Another week of recipe taste-testing in Tree House Kitchen explores full-flavoured appetizers.
Taste-testing foams created with arugula, watermelon and soy lecithin is an engaging full-senses experience! We paired these foams (photo above) with shellfish for a combination truly reminiscent of the churning sea.
We had a fun week at the office, taste-testing the final Tree House Kitchen menu for our Global Appetizers and Amuse Bouche, Tapas, and Small Tastes—Winter Style class!* We also suggested wine pairings for students’ at-home culinary taste-testing. (Our wine expert had his work cut out for him!) This demonstration-style class included some hands-on elements, but to not overwhelm students, we did most of the work and taught the recipes in concepts. We’ve included our class notes below so you can see how our brains work at Tree House Kitchen.
We applied the same technique and artistry to a Global Appetizers—Spring/Summer Style class. In it, we dove deep into foundational tastes when testing ideas. Our students developed a systematic understanding of what makes a good appetizer and how the unique elements of GREAT appetizers are pivotal to your at-home creations. We shared many great ideas just in time for winter and holiday entertaining while getting students thinking about next year’s summer patio parties.
Here is the menu for our Global Appetizers and Amuse-Bouche, Tapas, and Small Tastes—Winter Season Style class, broken down into flavour elements:
- Herbed potato cake slice with basil, Italian parsley, parmesan, smoked gouda and prosciutto: Marinated lamb rack chop “pops” served with eggplant puree, carrot green pesto and a touch of a lamb demi-glace-based sauce.
- Chicken and chocolate chilli appetizer: Full-flavoured, round and robust! Roasted sweetness of demi-glace onions, delicious bitterness from bittersweet chocolate and a bit of acidity from tomatoes. Gumbo-like!
- Oysters: Served with a series of garnishes including preserved lemons, modernist fruit and leaf foams, mustard seed caviar with maple and slightly bitter notes with a touch of acidity from vinegar.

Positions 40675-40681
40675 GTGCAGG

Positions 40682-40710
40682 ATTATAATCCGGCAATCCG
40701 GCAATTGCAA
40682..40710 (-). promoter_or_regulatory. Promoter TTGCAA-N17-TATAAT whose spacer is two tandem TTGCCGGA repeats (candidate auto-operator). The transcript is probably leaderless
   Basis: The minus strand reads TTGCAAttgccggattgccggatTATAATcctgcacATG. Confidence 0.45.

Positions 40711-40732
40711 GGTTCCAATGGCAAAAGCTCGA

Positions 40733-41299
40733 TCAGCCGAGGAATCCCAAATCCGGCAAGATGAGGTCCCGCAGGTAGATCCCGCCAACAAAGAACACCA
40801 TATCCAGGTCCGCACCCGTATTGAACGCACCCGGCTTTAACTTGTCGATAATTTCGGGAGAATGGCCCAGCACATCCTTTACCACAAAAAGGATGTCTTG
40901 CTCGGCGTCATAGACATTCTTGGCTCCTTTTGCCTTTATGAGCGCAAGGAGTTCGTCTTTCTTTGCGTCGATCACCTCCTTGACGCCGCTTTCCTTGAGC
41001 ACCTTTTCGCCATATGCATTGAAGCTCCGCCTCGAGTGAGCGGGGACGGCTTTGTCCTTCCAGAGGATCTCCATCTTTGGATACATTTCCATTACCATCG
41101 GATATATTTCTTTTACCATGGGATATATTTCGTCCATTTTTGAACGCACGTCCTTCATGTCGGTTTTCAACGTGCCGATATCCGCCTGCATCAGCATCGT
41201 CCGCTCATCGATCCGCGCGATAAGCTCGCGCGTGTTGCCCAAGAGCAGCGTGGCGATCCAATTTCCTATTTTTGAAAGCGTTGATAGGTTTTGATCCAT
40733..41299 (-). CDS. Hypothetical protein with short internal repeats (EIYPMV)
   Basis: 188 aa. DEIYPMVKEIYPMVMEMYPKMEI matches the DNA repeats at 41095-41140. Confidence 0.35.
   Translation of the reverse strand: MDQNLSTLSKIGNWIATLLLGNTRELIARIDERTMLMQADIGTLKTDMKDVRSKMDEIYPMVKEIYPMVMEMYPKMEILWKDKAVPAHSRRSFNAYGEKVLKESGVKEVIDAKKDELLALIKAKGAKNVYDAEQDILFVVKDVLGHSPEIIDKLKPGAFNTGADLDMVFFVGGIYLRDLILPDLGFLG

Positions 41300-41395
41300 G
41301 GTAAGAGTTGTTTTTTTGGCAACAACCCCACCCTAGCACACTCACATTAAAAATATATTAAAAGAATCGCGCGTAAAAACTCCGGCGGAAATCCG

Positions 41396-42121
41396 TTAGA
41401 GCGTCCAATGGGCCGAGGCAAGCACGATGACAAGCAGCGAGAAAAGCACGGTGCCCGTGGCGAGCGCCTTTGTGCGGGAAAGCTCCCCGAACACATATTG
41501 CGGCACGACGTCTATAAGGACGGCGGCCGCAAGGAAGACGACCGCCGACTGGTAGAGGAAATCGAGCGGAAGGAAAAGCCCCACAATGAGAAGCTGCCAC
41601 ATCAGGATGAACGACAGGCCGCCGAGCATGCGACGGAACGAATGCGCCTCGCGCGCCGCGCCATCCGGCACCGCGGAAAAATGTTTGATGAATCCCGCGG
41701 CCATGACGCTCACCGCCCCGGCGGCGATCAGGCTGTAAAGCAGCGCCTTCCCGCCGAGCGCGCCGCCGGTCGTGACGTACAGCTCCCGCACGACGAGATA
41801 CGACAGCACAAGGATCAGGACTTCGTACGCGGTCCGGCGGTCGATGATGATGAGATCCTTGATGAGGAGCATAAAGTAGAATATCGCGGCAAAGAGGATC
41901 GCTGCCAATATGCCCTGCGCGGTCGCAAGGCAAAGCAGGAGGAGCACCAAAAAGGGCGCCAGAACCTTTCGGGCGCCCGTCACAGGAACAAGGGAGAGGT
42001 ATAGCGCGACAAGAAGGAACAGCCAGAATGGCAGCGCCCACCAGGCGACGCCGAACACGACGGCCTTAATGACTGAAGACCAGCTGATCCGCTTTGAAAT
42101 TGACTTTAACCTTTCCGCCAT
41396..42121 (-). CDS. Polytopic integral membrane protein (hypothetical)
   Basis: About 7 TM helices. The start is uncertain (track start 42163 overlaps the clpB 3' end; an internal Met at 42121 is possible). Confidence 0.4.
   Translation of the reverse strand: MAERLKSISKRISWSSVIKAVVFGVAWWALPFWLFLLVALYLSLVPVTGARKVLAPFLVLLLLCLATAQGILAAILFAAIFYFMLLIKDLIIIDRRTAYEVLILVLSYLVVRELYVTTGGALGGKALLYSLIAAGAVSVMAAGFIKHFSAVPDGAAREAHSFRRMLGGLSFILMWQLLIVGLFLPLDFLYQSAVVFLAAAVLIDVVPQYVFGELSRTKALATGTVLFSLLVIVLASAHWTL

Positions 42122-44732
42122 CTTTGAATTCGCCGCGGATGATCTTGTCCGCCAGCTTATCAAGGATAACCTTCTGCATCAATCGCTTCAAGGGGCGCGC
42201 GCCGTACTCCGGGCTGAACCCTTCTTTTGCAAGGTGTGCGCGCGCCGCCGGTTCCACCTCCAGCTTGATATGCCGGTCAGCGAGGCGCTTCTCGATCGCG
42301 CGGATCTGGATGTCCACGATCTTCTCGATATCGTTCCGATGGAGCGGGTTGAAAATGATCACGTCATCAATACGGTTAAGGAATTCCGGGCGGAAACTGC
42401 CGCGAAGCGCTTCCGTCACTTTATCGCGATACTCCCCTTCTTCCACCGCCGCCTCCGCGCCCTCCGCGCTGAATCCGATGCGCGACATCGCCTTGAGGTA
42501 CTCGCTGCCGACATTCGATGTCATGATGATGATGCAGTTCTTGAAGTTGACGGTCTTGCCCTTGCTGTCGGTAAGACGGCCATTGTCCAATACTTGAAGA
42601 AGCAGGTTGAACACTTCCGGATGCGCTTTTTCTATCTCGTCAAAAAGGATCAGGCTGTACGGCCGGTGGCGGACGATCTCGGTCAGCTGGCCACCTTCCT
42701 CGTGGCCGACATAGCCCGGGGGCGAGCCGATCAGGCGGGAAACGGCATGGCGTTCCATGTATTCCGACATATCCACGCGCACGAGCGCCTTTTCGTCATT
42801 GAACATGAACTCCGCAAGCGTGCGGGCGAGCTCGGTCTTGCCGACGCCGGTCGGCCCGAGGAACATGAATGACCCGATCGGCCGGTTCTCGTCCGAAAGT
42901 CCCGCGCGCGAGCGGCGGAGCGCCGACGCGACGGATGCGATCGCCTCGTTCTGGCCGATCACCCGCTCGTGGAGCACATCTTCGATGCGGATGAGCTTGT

- Arancini two ways: The decadence of risotto-based farm vegetable arancini with vegetable stock is nicely balanced with the saltiness of parmesan and the sweetness of vegetables. Fried in a neutral oil and served with naturally sweet beet and carrot puree. Grain cake balls—including wild black rice, black beans and red and black quinoa—offer earthy, natural sweetness with a touch of bitterness from the black quinoa. We fry these with coconut oil.
We are continually connecting to the earth in some way at Tree House Kitchen. We recently harvested fresh staghorn sumac from the backyard (protected escarpment conservation land). Then, we played with different methods of creating a bright red sumac tea and syrup. Sumac is refreshingly citrusy and, when boiled down, picks up really complex bitter notes that are mmmmm! (Think bracing citrus tea or antioxidants on steroids. Tannic elements of red wine or dark chocolate came to mind.) We may use elements of this to decorate plates, including herbed lamb meatballs with the addition of my Maple Balsamic Elixir or medium-rare lamb rib “pops” with herbed potato cake.
Pictured here is a riff on “meat and potatoes” in an appetizer: decadent herbed potato cake with a maple-balsamic lamb meatball and sauce made from rich lamb and beef demi-glace. For the class, we decided lamb rack pops were a better lesson, but we loved these meatballs!
Finally, here are a few different tests of rice balls (arancini), working with risotto and grains like black quinoa. We were trying to find the perfect stuffing and grains for a nourishing whole foods experience with a golden brown, crisp crust. Mmmmm!
Ever wonder what inspires chefs? We are sharing tips and techniques triple-tested in Tree House Kitchen for success in your home kitchen. Taste-testing here is unique every week, and we look forward to sharing our fail-safe methods with you.
*Update: We’re so proud of our work in our hands-on teaching and dinner party classes, but we no longer offer classes. We hope you enjoy reading about our past classes, and our new direction as a food literacy company specializing in problem-solving skills and resources for busy families and community members—like you!